Reality Ranching December 2012
How can it possibly be December already, esp. when on most days our temperatures continue to feel as though it is early fall. Our drought continues although we were given a respite from the dusty dryness when we received nearly two inches of rain the first part of November. What a pleasure it was to breathe in the fresh fragrance of air heavy with moisture and to enjoy the squish of mud under our boots for a day or two.
Near the end of November we began to question our eyes as the pools in the creek on the north part of the ranch appeared to be gaining water. As the days passed it became obvious that we weren’t imagining the water level rising as the pools filled up and small tongues of water inched their way along the dry creek bed. Every morning as we chored we took happy albeit amazed note as our creek went from an empty channel to one with enough water to run (sluggishly) through the riffles. When the trees went dormant the springs came to life and revived parts of the creek. Where Randall and Erin live and on south of their house the creek is still dry except for a few pools of water. Still, the majority of our winter water problem for our cattle has been solved!
Our calving season has ended and we got along well for the most part. We did have one odd calving problem. I was gone for this unusual delivery but received the details from the midwives (husbands?) and Erin.
Before I left the ranch on this day I reported to the guys that two heifers were contemplating calving as the mothers to be were holding their tails out and had separated themselves from the rest of the herd. As time passed and 01 was not showing any signs of progress the guys walk the heifer to the working pens. Once they secure 01 in the head gate, Randall examines the heifer to see what is holding up the delivery of her calf. Randall feels the calf’s head but the legs that should be lying on either side of the head are instead folded back beside the calf’s stomach. To add to the problem the calf is upside down meaning his belly is pointed towards mamas back. Randall needs to pull the calf’s legs up by its head before they can pull the calf. Although we have had to straighten legs in normal positioned calves many times over the years this upside down situation is a first. When Randall manages to get the legs where they should be the calf’s head falls down beneath the pelvic rim of the heifer and he has to give up the good fight. The men call Dr. Amy who performs a caesarean section to deliver the dead calf (Paul and Randall were certain the calf was dead when they began working with the heifer).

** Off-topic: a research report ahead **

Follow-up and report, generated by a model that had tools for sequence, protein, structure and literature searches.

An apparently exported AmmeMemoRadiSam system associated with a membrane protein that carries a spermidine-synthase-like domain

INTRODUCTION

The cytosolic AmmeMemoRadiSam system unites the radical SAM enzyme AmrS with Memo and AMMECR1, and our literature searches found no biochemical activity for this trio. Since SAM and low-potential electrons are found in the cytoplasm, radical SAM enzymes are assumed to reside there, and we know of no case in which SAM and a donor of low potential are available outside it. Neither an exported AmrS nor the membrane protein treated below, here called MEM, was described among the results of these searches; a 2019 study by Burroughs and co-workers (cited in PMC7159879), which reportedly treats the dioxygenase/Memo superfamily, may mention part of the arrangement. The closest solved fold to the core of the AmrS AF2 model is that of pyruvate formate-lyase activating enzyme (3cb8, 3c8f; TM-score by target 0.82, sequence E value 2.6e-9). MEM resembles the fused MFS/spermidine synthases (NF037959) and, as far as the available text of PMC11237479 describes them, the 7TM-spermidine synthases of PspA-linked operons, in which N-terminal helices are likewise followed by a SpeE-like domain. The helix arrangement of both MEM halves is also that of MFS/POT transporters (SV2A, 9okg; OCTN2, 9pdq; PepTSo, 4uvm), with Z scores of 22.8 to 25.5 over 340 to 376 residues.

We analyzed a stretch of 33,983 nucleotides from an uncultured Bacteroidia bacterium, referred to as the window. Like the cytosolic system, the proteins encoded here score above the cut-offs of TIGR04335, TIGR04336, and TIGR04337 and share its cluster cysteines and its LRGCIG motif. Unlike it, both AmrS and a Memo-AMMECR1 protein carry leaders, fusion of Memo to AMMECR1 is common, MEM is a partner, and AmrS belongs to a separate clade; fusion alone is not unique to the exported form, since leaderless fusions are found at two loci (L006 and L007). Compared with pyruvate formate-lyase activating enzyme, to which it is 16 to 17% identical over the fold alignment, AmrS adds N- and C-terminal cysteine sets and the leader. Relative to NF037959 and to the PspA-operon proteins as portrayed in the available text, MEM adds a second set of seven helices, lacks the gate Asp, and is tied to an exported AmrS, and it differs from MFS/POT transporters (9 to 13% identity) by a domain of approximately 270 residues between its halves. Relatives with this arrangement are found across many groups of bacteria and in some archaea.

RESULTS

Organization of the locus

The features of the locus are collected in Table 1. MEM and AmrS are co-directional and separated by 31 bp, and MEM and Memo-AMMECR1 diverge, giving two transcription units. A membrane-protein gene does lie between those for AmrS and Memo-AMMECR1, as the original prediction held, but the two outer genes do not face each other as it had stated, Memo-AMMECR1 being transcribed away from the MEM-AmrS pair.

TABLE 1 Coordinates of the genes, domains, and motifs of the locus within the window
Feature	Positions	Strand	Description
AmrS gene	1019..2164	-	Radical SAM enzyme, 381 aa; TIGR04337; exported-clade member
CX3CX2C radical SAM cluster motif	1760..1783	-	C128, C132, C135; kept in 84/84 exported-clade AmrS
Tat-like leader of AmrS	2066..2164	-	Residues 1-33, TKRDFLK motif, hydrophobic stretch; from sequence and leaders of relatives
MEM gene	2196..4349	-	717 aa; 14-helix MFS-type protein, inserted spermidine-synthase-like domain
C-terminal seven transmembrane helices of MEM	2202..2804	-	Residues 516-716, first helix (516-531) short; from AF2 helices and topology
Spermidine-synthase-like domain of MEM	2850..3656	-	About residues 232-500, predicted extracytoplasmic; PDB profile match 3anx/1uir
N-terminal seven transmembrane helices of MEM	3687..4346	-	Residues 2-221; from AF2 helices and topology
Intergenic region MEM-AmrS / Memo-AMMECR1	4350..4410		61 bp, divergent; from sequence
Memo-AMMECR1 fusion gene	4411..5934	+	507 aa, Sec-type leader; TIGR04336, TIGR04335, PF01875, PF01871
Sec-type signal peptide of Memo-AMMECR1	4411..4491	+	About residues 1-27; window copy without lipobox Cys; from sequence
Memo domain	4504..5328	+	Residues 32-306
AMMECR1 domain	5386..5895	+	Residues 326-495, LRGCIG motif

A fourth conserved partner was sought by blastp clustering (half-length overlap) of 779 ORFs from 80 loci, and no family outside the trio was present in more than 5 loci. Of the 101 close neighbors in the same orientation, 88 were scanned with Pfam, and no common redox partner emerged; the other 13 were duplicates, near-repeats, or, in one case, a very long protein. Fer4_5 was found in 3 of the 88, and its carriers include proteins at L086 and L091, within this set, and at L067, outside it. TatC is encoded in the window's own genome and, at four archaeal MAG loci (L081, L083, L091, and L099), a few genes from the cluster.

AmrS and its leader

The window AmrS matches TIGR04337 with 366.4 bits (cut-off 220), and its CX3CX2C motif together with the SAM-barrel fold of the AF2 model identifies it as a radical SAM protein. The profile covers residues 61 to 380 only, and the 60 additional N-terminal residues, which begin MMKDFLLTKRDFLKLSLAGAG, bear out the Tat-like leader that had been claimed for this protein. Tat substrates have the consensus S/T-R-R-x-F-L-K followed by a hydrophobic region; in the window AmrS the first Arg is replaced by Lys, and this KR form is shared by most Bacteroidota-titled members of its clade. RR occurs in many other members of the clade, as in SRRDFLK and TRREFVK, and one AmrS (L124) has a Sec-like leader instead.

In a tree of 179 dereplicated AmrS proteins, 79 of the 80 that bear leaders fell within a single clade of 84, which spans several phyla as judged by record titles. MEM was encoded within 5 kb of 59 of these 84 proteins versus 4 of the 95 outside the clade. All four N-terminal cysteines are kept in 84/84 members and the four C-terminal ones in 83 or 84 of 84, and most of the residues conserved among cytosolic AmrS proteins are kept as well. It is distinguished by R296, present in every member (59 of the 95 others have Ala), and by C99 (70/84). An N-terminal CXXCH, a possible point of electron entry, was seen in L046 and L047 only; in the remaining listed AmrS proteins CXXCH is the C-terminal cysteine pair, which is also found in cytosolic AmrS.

Amazingly, 01 was eating and drinking and seemed no worse for wear the morning after her operation. We made the decision to try to transplant a calf that was not getting enough milk from her own mother onto 01. We had been supplementing this calf with milk replacement for quite some time so the half-tame calf was easy to work with. Although 01 didn’t seem too interested in this calf for a few days eventually the two bonded and now are a contented pair.
I’ve been watching 043 for the last few days. I couldn’t put my finger on anything in particular but she just didn’t seem “right”. The heifer was slow but would come to eat hay, she groaned when lying down but most heifers close to calving do. Her breathing was fine, her ears were up but still something was amiss. As I went out for an afternoon heifer check the reason, actually two reasons, for her behavior were laying in front of 043 as she worked at cleaning the twins with her rough tongue. They are small of course and the bull calf is weak since he hasn’t nursed unlike his livelier sister.